In the case of the meetinghouse, people are going there to witness the experience of meeting for worship and to greet the light. That's what most Quakers would be doing in this space. Right? Does the meetinghouse facilitate that?
It does and it doesn't. Generally, in the meetings for worship, the roof would not be open. The roof is a part of visual ministry, which has the element of thought without sound. The open roof tends to make for more silence. The oral ministry is something that keeps you from the deeper communication with the inner, so I like meetings that aren't the popcorn meetings, where everybody is jumping up and popping off. I like the silent meeting. That is my preference. But there is oral ministry, and I have to recognize that, and I have participated in it.

So the roof is closed during meeting for worship?
Yes.

When do you open it? And why would you open it? Why would you have an oral ministry?
Because you want to see the light.

Why would you have a visual ministry?
Because you want to see the light. Same thing.

Do you read the Bible?
I'm more Christian than many Quakers. Universalist Quakers are not necessarily considered Christian by other Christians. They don't believe in the Trinity, the Virgin Birth, many of these things; so we're odd Christians--in many ways sort of Old Testament Christians. And I like to look at that as being near what the Essenes were. I'm different in the sense that, in fact, I am more conservative than many Quakers I know.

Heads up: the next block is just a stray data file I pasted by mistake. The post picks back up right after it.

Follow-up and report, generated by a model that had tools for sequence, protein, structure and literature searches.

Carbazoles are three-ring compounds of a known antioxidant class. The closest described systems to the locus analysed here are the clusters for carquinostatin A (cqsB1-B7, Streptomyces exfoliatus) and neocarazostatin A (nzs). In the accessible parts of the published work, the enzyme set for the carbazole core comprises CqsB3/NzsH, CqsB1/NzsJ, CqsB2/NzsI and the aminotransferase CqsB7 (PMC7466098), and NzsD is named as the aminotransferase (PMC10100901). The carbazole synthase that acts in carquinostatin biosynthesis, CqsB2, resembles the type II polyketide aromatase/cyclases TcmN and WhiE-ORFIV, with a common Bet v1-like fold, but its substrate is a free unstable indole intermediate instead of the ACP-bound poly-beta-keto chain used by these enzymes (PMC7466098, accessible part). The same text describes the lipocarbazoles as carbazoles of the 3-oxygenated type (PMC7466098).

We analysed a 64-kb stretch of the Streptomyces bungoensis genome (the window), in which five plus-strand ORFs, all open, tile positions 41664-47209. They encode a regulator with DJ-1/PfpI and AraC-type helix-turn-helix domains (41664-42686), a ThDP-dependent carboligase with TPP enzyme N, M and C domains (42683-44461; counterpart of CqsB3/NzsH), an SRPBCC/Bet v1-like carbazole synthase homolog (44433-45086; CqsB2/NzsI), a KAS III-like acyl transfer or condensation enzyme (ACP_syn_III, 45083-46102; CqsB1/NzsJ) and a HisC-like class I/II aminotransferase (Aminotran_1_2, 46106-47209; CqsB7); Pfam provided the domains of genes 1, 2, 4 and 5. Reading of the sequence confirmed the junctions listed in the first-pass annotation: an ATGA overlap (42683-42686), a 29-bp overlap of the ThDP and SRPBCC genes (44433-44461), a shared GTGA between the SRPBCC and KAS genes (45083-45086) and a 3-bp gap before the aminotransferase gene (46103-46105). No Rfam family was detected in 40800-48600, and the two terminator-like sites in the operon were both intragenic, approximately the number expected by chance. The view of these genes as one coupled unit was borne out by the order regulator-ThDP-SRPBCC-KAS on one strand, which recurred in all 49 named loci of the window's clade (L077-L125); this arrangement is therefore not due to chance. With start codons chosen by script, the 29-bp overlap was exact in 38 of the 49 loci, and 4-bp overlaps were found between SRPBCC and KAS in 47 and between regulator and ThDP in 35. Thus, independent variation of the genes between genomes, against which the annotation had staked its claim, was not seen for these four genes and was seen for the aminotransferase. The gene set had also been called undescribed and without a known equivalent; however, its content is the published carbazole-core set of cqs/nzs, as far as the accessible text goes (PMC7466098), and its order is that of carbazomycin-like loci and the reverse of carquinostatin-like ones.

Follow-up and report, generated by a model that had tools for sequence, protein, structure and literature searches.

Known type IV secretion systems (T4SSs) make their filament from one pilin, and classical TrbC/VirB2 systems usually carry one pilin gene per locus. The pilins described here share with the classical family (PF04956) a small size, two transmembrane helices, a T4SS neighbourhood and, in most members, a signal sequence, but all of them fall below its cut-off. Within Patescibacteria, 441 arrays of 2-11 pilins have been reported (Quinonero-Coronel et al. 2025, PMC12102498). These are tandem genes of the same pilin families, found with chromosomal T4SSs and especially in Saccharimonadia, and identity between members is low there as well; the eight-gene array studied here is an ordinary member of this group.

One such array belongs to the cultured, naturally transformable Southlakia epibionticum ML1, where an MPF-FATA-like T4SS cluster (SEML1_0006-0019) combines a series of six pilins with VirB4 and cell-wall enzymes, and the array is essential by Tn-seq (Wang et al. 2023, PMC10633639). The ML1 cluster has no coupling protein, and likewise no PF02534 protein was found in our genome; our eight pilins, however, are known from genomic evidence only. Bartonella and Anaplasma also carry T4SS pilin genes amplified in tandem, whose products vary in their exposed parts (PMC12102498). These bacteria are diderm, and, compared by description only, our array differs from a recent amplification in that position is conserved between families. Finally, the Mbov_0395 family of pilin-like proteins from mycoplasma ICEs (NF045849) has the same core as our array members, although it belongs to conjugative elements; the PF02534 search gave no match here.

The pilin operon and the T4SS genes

Is your work moving toward a more spiritual path, or does it exist independently of the spiritual path?
Neither. It is and isn't a spiritual plane. Our business here is not about anything but more fully forming the experience of soul. My belief is that one's work here is, whatever you do here is autobiographical and has to do with spiritual development. We do it through work; we do it through our relationships with others, through families.

I don't have a sense that I am moral or amoral. I don't feel that the positive and the negative really functions in quite that way. In terms of the effect of art upon people, that has to do with their situation when they come to this art. Art doesn't have terrible importance for me either. It is something that I do, it is something that I am, but you know art is something that can move you toward the spiritual. But to continue that journey, it is something you must drop. There are aesthetic considerations; the sense of beauty and the sublime are things that move us toward a grandeur, but in the end hold us from it. It is like something that is a step along the path, and I treat it as such and think it is only that. And so art isn't everything.

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